8 Tips for Planning Your First Thru-Hike
Are you thinking of taking on your first thru-hike? We reached out to seasoned thru-hiker and deuter ambassador Lyla "Sugar" Harrod for a few tips to help you with planning. She has hiked the Appalachian Trail, Pacific Crest Trail, Arizona Trail and Bay Circuit Trail. She holds the “Fastest Known Time” record for a women’s unsupported hike of the White Mountains 48 4,000 footers, so we figured she knows a thing or two about thru-hikes.
There’s nothing like the excitement of planning for your first thru-hike. However, the gear, logistics, skill development and mental preparation that go into it can seem overwhelming at times.
As someone with 7,000 miles of thru-hiking experience, I’ve worked out what works for me, and what doesn’t. These are some of my most important tips, and I’d love to hear your thoughts in the comments about what's most important to you!
- Create a comprehensive gear list
- Use previous hikers gear lists as a reference. Do not use gear lists from other first time thru-hikers. Look for final gear lists to see what gear people ended up with, not what they started with.
- Your gear list will give you a sense of what you have, what you need and/or want to upgrade, and how heavy your pack is getting.
- Lighterpack.com is a common website for keeping track of your gear list and viewing others’ gear lists.
- Build your skills
- Know the Leave No Trace principles including responsible bathroom practices.
- Have a basic knowledge of wilderness first aid topics, like signs of dehydration and hypothermia.
- Proper layering of clothing - knowing the role each of your layers plays in keeping you safe and comfortable.
- Safe water filtration practices
- Get comfortable with your gear. Know how to set up your tent, filter water, cook with your stove, store your food safely etc.
- Consider your nutrition on trail
- Have a game plan for what kinds of food you will eat on trail, knowing your access to full grocery stores will be limited.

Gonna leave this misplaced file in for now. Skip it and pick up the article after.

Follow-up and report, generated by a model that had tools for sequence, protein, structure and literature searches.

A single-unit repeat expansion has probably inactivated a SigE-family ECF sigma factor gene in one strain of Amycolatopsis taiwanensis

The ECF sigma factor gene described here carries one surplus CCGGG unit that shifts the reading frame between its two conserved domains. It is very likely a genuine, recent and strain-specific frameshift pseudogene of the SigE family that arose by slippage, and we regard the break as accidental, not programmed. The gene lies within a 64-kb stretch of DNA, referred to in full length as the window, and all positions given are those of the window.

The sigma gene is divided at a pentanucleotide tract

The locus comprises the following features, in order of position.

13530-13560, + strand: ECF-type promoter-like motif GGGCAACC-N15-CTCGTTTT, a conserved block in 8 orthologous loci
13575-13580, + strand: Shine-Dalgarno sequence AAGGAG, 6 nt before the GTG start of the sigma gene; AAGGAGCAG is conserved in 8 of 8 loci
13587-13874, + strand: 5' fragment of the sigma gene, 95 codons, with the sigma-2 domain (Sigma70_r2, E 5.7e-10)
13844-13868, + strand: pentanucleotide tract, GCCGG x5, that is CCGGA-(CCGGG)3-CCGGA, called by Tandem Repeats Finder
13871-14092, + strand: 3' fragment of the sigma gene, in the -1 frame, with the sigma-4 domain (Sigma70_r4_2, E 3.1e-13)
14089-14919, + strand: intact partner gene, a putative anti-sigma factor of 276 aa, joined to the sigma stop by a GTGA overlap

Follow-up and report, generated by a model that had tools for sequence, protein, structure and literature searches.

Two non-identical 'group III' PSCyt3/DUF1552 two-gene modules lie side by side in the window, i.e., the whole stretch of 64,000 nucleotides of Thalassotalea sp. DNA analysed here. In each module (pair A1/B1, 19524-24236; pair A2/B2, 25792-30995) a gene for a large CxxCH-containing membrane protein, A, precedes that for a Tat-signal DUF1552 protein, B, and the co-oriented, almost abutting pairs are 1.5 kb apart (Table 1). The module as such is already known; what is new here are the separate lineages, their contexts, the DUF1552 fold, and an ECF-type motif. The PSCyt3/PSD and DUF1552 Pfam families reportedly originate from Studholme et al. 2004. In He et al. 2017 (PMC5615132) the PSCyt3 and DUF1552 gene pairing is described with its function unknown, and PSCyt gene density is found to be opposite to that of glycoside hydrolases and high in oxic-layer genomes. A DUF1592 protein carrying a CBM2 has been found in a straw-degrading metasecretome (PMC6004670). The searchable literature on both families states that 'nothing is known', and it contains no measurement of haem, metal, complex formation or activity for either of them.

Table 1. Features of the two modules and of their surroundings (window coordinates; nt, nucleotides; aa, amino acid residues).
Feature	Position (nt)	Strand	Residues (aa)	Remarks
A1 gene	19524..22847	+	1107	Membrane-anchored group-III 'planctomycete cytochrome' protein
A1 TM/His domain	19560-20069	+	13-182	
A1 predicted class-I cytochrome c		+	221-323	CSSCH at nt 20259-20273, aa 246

- Needs will differ depending on the environment. Desert heat? Plan on more salt to replenish electrolytes. Big mountains? Lots of carbs and fat for sustained energy on big climbs.
- Create a budget
- Have a firm number for how much money you have and what you’re willing to spend during the trip. Have you created a buffer in your budget in case you go over budget? What will you do if you run out of money?
- Roughly itemize for lodging, food, replacement gear etc. Be sure to include money for fun stuff too!
- Outline logistics for the journey
- The plan will change, but it can be helpful to have a broad idea of when you’d like to get to points on the trail, understanding you will need to be flexible.
- Mailing resupply boxes - Trails such as the Appalachian Trail are easier to go without mailing resupply boxes since there’s more access to towns… but more remote trails like the Hayduke Trail demand a firm resupply plan while heavily relying on mailing boxes as grocery stores are extremely rare.
- Have a plan to maintain your mental health
- Talk with friends and loved ones and ask them for support. Are they open to you calling to check in every week or two? Can you call if you’re in crisis?
- Know your reasons for hiking - List out core motivators that you can come back to when things get tough.
- Engage your extended support networks
- If you know people who live on or near the trail, reach out ahead of time to ask if and how they might be willing to support you. Keep a list of these people, their contact info and location on your phone for reference.
- Prepare your body for the challenge
- Get some endurance practice (long walks/day hikes) to get used to the mental state of walking all the time
- Go on as many overnight backpacking trips as you can to build fitness, practice your skills and learn what works for you.
Lyla is currently hiking the Hayduke Trail in Utah and you can follow along on Instagram @seltzerskelter.